After our morning keynote, Katherine Johnson, Senior Economist with SRI, presented a research study entitled “Spas & the Global Wellness Market: Synergies and Opportunities”, which was sponsored by Murad Inclusive Health Center. The top 3 findings of this extensive report were:
- The global wellness industry is currently valued at almost 2 trillion dollars annually
- “Wellness” has gone mainstream
- Spas are already pursuing wellness opportunities and seeing results
Johnson also identified 3 opportunities in the market:
- The need for treatment-oriented conventional medical services
- The opportunity to create wellness-oriented spa services
- The emergence of “workplace wellness” and working with corporations and companies
SRI estimates there are 289 million wellness consumers in 30 wealthiest countries. Much of what was presented was not necessarily news to those in the room, but it was good to have our instincts statistically corroborated.
Jan Freitag of Smith Travel Research presented his most recent data on the hotel and luxury spa market. The 3 main takeaways were:
- The global hotel industry has experienced a slight uptick in occupancy for Q1 2010, over both 2008 and 2009, so hopefully a recovery is underway
- Salon services have been shoring up results for this segment, both salon utilization and average ticket numbers are up
- At least in the New York City market, spas are continuing to discount both salon and spa services in the low single digits
The most current hotel and luxury spa information can always be accessed at www.hotelnewsnow.com
The afternoon keynote speaker was Dr. Kenneth Pelletier, author and clinical professor from the US. His presentation was entitled “Healthy Places: Bridging the Spa World & Integrative Medicine. No surprise, his feeling was that what we have now in the U.S. is a disease management industry, not a healthcare system. It is projected that in 2010, Fortune 500 companies will spend 75% of their profits on employee healthcare, a position which is unsustainable. According to Dr. Pelletier, insurance companies are processors, not innovators, and it will be up to private industry and academics to come up with evidence-based reports and data so that we can move into a preventive mode with our healthcare. Dr. Pelletier and his Corporate Health Improvement Program (CHIP), started in 1985, have performed numerous studies and are busily compiling such data; so far they’ve been able to show corporations that they can receive a 3:1 ROI if they put these programs into place. Our target should be optimal healthcare throughout our lifetimes, and spas have an important role to play in this. I encourage you to learn more about Dr. Pelletier’s work and studies, he was very impressive.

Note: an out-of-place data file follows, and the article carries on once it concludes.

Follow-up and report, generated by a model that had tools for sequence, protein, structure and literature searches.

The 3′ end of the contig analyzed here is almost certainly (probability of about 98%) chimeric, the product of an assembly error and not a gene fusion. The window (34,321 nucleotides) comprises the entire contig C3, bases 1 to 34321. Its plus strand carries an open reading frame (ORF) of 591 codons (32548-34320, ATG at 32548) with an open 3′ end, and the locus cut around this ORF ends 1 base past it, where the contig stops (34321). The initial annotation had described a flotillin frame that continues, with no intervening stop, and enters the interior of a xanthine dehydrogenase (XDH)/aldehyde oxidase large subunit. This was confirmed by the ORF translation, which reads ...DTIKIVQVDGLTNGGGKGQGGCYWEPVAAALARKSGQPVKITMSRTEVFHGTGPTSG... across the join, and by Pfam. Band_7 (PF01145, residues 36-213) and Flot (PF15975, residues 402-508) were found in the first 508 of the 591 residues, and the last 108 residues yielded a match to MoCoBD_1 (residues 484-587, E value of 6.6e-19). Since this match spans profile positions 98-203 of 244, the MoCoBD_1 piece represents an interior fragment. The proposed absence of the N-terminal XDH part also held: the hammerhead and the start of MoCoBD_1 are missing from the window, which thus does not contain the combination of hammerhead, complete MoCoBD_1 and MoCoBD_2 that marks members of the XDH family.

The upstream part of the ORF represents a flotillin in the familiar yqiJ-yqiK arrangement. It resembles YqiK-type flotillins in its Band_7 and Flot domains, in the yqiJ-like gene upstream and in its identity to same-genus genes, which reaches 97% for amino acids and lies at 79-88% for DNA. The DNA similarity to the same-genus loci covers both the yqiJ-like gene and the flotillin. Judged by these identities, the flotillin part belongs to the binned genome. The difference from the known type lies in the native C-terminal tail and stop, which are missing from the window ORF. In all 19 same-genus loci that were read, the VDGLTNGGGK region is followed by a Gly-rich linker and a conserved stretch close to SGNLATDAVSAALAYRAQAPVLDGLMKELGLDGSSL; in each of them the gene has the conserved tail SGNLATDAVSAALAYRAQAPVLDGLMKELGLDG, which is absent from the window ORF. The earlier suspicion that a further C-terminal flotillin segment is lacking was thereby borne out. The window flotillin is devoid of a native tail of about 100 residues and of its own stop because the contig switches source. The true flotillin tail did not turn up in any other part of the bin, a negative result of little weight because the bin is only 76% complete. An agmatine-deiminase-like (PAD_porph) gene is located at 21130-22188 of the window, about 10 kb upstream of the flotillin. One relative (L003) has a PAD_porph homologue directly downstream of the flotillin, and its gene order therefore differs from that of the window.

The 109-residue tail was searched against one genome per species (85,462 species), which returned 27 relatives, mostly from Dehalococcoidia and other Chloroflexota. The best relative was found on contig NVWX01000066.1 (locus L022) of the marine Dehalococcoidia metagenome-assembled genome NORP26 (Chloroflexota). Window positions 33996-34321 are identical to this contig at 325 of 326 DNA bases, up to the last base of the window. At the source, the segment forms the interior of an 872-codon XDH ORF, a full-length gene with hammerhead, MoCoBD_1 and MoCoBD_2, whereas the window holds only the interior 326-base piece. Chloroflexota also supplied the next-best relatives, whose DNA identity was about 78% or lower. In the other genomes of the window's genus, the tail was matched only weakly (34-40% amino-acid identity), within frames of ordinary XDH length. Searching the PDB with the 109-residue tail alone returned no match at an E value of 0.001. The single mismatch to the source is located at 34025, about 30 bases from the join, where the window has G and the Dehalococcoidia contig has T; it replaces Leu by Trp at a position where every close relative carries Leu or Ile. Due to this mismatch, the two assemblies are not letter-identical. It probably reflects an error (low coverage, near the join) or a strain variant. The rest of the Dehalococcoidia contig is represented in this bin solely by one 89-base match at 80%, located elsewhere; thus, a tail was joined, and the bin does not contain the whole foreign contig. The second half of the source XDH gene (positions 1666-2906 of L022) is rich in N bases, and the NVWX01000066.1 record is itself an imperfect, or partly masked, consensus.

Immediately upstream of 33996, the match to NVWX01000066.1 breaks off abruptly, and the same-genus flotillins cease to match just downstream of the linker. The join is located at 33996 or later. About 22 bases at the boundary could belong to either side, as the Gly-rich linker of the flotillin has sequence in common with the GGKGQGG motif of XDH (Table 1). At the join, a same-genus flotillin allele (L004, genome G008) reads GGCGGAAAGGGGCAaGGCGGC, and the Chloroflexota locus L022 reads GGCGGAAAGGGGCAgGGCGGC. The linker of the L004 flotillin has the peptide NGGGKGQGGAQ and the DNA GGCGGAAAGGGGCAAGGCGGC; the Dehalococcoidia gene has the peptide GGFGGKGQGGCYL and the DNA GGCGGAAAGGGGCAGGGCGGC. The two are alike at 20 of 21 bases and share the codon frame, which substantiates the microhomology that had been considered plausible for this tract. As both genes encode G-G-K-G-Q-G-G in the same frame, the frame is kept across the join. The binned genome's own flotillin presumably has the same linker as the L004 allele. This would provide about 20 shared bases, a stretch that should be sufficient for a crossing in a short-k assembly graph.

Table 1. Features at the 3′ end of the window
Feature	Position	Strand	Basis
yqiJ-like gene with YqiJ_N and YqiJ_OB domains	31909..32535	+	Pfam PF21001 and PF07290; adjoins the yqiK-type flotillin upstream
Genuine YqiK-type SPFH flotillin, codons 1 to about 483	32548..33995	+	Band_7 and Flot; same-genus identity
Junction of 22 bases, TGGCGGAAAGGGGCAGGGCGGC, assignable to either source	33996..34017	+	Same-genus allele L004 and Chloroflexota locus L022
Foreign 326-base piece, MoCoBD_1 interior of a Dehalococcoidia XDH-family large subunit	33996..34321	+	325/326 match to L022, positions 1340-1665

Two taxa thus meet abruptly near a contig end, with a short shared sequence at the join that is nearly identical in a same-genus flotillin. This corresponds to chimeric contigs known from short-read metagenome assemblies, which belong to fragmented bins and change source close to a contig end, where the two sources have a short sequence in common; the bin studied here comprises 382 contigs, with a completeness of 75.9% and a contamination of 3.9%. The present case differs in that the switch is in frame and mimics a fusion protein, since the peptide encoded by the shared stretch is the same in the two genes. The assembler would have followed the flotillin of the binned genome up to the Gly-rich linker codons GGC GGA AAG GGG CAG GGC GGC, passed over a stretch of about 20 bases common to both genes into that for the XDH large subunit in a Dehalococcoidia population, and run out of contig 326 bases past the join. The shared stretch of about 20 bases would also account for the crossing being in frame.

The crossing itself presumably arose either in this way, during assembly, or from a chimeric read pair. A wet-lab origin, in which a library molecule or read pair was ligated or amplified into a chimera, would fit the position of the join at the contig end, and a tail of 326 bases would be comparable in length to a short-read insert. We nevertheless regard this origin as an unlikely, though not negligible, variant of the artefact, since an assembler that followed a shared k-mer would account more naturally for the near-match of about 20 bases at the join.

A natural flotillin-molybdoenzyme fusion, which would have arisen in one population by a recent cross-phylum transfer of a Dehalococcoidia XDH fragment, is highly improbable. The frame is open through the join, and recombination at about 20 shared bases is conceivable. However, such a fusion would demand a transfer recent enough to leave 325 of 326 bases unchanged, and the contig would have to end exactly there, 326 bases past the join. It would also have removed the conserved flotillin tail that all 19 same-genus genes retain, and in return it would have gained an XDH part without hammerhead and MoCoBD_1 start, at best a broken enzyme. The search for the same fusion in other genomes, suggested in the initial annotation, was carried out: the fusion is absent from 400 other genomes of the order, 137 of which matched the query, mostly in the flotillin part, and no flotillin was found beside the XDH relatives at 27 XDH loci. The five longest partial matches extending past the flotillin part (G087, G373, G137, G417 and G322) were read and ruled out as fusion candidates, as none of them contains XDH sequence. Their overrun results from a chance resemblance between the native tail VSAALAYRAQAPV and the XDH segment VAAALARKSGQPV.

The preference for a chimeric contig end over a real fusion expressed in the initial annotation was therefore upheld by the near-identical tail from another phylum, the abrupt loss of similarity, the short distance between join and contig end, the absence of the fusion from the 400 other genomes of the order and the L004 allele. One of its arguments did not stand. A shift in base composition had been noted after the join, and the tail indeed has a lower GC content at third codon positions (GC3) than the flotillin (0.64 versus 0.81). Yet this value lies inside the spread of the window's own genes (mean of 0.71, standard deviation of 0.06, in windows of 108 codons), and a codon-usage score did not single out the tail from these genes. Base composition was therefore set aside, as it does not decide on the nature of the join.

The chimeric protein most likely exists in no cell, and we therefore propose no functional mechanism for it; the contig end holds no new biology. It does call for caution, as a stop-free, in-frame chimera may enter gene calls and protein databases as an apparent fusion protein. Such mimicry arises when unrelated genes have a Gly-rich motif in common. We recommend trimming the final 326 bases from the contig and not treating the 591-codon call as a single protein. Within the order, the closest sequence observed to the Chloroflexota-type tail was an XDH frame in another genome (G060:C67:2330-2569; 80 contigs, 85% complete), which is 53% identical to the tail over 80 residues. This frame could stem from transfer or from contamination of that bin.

We also heard a presentation from Terry Stevens, Managing Director of Stevens & Assoc. in the UK, who discussed current global trends in Wellness Tourism. When marketing wellness tourism, there is a need to shift from the tangible (museums) to the intangible (image and vibe) in the consumer approach. For those interested in marketing as a wellness destination, several of the defining components should be:
- Play to the natural strengths and features of your region (thermal waters, healthy cuisine, specific ingredients)
- Be inclusive (all shapes, sizes, ages of potential traveler should be considered)
- Ensure that there is a support mechanism in place (political, systemic, tourism-oriented)
- Stimulate innovation (encourage your local support system to be creative in the approach)
- “Be” rather than seem to be (importance of authenticity)
Laszlo Puczko, Senior Association of Xellum, also supported these findings with his research, much of which is available in his book, “Health and Wellness Tourism” which I previously reviewed.
The last presentation I attended today was “New Priorities of Today’s Spa Consumer” from Stephanie Perrone Goldstein, Director of Spa Consumer Research for Coyle Hospitality, and was so full of information I will cover it in a separate blog.